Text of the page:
Abstract TMP44: Incidence and Case Fatality at the County Level as Contributors to Geographic Disparities in Stroke Mortality: The REasons for Geographic And Racial Differences in Stroke (REGARDS) Study
Introduction: The CDC provides smoothed county-level estimates of stroke mortality, with higher mortality in the Southeastern Stroke Belt, but showing substantial heterogeneity of both within and outside the Stroke Belt. It is unknown if geographic variations in stroke mortality are attributable to geographic variations in incidence of stroke or case fatality from stroke.
Methods: The CDC county-level estimated stroke mortality was the primary predictor variable. After adjustment for demographics, the hazard ratio (HR) of death from stroke in REGARDS (having an adjudicated stroke and dying within 90-days) was estimated for 1/1,000 difference in CDC county-level stroke mortality. The risk of incident stroke was similarly characterized by the HR for any adjudicated stroke (fatal or non-fatal), and case fatality estimated by the odds ratio for death within 90-days of an adjudicated stroke.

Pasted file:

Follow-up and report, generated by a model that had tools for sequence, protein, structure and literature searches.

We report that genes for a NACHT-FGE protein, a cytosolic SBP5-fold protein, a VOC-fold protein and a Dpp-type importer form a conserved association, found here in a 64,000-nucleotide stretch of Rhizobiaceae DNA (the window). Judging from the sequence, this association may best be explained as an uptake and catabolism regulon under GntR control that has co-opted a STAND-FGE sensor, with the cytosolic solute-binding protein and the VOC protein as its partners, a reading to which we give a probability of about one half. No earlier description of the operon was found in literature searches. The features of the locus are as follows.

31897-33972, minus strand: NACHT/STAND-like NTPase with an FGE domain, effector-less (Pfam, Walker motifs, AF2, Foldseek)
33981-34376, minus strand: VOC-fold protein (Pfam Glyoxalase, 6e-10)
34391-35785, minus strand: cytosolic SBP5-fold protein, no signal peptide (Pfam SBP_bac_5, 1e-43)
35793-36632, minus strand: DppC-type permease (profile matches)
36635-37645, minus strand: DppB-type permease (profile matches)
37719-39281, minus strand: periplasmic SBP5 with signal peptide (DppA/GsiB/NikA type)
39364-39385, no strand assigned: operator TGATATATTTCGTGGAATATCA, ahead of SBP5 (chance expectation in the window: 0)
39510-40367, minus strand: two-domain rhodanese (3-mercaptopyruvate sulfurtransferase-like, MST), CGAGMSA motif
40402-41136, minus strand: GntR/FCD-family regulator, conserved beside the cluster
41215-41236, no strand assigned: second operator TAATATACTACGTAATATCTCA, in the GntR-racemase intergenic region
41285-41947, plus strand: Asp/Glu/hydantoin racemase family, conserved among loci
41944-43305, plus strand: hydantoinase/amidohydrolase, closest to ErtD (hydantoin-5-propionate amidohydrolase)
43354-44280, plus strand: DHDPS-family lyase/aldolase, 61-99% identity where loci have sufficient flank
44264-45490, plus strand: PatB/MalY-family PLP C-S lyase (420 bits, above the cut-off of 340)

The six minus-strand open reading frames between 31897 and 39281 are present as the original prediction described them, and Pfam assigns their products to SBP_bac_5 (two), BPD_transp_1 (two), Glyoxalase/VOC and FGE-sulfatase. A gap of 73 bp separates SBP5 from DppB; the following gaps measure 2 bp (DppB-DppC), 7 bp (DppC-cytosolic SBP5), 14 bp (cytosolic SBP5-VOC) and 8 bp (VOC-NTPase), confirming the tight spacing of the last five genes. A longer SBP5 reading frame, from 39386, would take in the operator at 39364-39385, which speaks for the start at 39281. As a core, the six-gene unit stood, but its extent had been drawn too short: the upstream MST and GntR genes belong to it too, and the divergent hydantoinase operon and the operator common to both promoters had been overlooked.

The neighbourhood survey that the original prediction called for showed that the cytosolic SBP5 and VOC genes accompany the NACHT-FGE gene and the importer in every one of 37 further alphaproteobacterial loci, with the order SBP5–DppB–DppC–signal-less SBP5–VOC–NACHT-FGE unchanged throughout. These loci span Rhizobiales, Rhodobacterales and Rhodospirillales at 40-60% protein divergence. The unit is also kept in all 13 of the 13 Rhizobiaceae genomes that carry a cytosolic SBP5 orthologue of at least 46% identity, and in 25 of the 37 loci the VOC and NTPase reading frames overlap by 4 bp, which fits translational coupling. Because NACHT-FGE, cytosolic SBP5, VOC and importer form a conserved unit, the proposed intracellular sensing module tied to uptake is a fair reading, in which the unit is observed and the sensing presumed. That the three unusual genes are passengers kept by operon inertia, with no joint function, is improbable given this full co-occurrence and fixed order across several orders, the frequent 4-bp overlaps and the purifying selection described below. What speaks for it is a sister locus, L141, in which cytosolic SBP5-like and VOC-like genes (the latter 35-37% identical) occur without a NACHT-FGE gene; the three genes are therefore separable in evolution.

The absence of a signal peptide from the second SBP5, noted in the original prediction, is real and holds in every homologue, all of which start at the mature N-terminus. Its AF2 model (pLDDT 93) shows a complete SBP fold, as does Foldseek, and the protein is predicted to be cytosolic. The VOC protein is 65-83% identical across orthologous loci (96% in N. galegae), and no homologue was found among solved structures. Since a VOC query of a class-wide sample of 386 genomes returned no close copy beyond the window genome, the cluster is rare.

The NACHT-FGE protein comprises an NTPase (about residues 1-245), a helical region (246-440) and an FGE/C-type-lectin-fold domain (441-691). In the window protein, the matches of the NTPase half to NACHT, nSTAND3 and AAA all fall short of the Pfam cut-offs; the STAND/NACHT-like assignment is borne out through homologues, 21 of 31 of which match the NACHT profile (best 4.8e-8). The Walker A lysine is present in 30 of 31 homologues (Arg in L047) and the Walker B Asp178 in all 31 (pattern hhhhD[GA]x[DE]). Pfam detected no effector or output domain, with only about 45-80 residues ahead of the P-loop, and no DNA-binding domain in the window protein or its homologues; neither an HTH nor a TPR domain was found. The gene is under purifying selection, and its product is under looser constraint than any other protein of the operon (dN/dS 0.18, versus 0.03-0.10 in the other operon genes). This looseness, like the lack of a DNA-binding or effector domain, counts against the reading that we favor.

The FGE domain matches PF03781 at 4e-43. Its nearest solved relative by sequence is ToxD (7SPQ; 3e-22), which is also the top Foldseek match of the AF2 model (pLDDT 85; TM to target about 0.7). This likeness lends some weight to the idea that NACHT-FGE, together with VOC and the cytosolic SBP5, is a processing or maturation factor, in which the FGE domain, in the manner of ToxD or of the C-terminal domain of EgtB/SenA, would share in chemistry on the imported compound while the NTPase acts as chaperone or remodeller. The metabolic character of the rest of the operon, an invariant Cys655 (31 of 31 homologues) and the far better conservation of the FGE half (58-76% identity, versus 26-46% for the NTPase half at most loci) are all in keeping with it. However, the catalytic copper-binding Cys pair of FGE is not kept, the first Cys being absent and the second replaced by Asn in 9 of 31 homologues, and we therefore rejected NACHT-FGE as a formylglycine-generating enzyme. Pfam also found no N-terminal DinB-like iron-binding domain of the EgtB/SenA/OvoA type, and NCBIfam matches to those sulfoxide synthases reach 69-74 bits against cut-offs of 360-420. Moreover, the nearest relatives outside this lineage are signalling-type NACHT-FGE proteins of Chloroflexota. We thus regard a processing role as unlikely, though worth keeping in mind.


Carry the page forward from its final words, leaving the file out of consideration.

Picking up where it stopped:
Results: CDC-reported county-level stroke mortality (per 1,000/yr) averaged 0.91 (range 0.26 - 2.52) for whites and 1.37 (range 0.50 - 3.32) for African Americans (AA). Over a 5.6 year average follow-up of 27,721 participants stroke-free at baseline (16,528 whites/11,193 AAs), there were 716 (415 in whites/301 in AAs) incident strokes; 125 were fatal (70 in whites/55 in AAs). Risk of death from stroke was marginally (HR = 1.83; p = 0.10) higher in counties with higher CDC-reported stroke mortality, potentially more so for whites than blacks (HR = 2.59 and 1.48 respectively). Both incidence and case fatality contributed to this higher risk, but the contribution of case-fatality may be larger for whites and incidence appears larger for AA.
Conclusions: REGARDS participants living in counties with higher CDC-reported stroke mortality appear to be at greater risk of death from stroke, with higher incidence and case-fatality potentially contributing to higher mortality. In addition, there may be racial differences in the contribution of incidence and case fatality to stroke mortality.
- © 2012 by American Heart Association, Inc.